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  • Ibsen’s Houses: Architectural Metaphor and the Modern Uncanny by Mark B. Sandberg
  • Penny Farfan
Ibsen’s Houses: Architectural Metaphor and the Modern Uncanny. By Mark B. Sandberg. New York: Cambridge University Press, 2015; pp. 236.

In his classic essay “The ‘Uncanny’” (1919), Sigmund Freud defines the uncanny, associated with triggers like dolls, automata, dead bodies, ghosts, and doubles, as a “class of the frightening” wherein something “that ought to have remained secret and hidden . . . has come to light.” The uncanny, he suggests, is “nothing new or alien, but something which is familiar and old-established in the mind and which has become alienated from it only through the process of repression.” Mark Sandberg’s new book has itself an aura of the uncanny: while he anticipates that his assertion that Ibsen was “a master of the uncanny . . . will not strike all readers as immediately convincing” (18), the claim is in fact instantly persuasive. One has only to think of the eerie doubling of Oswald and Captain Alving in Ghosts, the white horses of Rosmersholm, the mysterious Stranger in Lady from the Sea, the invisible helpers and trolls in The Master Builder, the Rat Wife in Little Eyolf, the walking dead in John Gabriel Borkman, and of course Nora, the dancing doll-wife who turns out to be a real human being in A Doll’s House—a stunning reversal of E. T. A. Hoffman’s quintessentially uncanny tale “The Sandman,” in which the seemingly living Olympia turns out to be an automaton. Sandberg’s book thus seems—uncannily—like a book that has been waiting to be written, bringing to light what we have always known about Ibsen’s work but have not yet recognized in the terms that Sandberg proposes.

Crucial to Sandberg’s analysis is Freud’s brilliant discourse on the ambivalent etymology of the German word for uncanny, unheimlich, which is derived from its opposite, heimlich—literally “homely,” meaning “belonging to the house, not strange, familiar, tame, intimate, friendly, etc.,” but also paradoxically “[c]oncealed, kept from sight, so that others do not get to know of or about it, withheld from others.” Thus, Freud observes, while unheimlich initially seems to be the opposite of what is familiar, “among its different shades of meaning the word ‘heimlich’ exhibits one which is identical with its opposite, ‘unheimlich.’ What is heimlich thus comes to be unheimlich.” Following Anthony Vidler in The Architectural Uncanny: Essays in the Modern Unhomely (1992), in which the “home” embedded in heimlich/unheimlich is revealed to be a crucial site for the experience of the uncanny, Sandberg’s study centers on Ibsen’s deployment and subversion of the metaphor of society as edifice that was prevalent in nineteenth-century Scandinavia and is overtly signaled in the titles of Pillars of Society, A Doll’s House, Rosmersholm, and The Master Builder, but that also underlies Ibsen’s other prose plays, as well as his verse drama Brand. While Freud’s version of the uncanny crops up intermittently—for example, Nora, abandoning her home and family, becomes an “‘unhomely’ heroine” (83)—Sandberg’s primary focus is on the “architectural unease” (11) that came to pervade Ibsen’s canon as he relentlessly exposed, critiqued, and ultimately rejected the conventional norms and values embedded in the home as the container for the family as foundational social unit.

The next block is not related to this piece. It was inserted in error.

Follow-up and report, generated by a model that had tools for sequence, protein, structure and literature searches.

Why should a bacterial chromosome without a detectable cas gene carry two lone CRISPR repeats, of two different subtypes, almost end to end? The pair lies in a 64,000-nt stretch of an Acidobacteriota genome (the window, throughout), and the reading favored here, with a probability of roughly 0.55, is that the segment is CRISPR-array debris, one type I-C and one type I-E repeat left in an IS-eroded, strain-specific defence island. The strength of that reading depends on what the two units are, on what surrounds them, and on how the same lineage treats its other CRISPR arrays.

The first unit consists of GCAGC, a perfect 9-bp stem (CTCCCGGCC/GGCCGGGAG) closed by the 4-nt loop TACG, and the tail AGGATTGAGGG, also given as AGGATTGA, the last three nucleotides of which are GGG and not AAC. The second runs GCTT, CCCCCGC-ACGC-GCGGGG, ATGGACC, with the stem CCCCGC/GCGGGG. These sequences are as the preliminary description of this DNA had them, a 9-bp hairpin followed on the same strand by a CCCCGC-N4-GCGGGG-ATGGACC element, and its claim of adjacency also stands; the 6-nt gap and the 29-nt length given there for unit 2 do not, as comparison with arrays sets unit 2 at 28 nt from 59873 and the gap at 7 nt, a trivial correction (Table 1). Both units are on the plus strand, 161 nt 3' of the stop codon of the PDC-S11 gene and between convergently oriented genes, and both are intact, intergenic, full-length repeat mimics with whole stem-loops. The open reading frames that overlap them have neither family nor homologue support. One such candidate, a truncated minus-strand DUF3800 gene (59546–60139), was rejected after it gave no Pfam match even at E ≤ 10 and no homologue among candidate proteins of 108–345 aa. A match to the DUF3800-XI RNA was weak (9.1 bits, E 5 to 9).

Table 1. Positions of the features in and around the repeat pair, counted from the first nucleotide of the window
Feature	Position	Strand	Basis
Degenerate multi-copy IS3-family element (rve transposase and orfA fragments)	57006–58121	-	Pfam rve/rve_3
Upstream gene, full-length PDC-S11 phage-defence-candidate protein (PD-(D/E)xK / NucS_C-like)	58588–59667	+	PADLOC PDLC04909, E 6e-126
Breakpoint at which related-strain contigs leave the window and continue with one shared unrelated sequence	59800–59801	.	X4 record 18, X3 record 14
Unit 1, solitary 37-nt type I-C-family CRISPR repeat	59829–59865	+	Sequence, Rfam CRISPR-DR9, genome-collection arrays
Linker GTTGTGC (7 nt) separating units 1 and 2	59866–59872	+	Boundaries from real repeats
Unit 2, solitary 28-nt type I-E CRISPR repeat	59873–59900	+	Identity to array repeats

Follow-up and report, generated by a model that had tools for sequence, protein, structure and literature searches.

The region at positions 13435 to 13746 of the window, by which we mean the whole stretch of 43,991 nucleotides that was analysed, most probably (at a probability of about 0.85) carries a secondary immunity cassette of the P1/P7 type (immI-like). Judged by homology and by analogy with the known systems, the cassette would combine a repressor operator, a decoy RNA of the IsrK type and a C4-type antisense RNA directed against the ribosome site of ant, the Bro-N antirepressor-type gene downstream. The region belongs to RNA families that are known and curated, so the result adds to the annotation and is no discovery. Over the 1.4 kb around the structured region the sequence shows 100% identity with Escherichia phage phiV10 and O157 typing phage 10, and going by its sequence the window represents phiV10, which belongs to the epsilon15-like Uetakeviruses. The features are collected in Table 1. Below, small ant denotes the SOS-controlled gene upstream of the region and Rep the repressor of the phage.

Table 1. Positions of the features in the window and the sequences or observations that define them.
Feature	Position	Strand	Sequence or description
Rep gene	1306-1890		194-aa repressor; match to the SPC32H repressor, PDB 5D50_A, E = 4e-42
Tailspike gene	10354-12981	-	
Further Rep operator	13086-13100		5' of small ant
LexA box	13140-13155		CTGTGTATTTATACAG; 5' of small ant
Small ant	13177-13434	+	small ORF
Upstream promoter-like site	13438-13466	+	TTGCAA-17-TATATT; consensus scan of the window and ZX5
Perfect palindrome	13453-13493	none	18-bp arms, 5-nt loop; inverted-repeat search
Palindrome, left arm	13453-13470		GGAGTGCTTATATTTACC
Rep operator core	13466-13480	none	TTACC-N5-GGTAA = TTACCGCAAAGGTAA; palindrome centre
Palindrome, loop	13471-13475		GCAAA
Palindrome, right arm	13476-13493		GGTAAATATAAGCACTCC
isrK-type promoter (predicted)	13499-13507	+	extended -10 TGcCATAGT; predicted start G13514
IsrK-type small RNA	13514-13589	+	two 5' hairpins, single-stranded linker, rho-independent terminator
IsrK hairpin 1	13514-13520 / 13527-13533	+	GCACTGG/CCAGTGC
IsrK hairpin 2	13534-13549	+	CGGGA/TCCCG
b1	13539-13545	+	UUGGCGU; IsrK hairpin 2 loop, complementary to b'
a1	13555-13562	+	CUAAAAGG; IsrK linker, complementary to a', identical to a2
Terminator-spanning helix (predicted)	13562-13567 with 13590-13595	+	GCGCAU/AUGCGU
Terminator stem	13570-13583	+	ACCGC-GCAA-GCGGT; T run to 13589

Crucial to Sandberg’s analysis, and to the impact of Ibsen’s plays both in their original context and far beyond, is the Scandinavian ideal of hygge, along with the related adjectives hyggelig and its opposite, uhyggelig. As Sandberg explains in his opening chapter on “Ibsen’s Uncanny,” hygge, in Danish and Norwegian, refers to the cultural value of coziness, comfort, and cheer particularly, though not exclusively, associated with the home, so that the adjectival extensions of the term approximate the German heimlich and unheimlich and their English-language equivalents, homely and unhomely. Tracing this concept through the plays, as well as through commentaries on the newly published texts and early productions, Sandberg demonstrates the devastating impact of Ibsen’s typical strategy of opening his plays with hyggelig scenes of domestic comfort that he then proceeded to demolish. Sandberg...


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pp. 492-493
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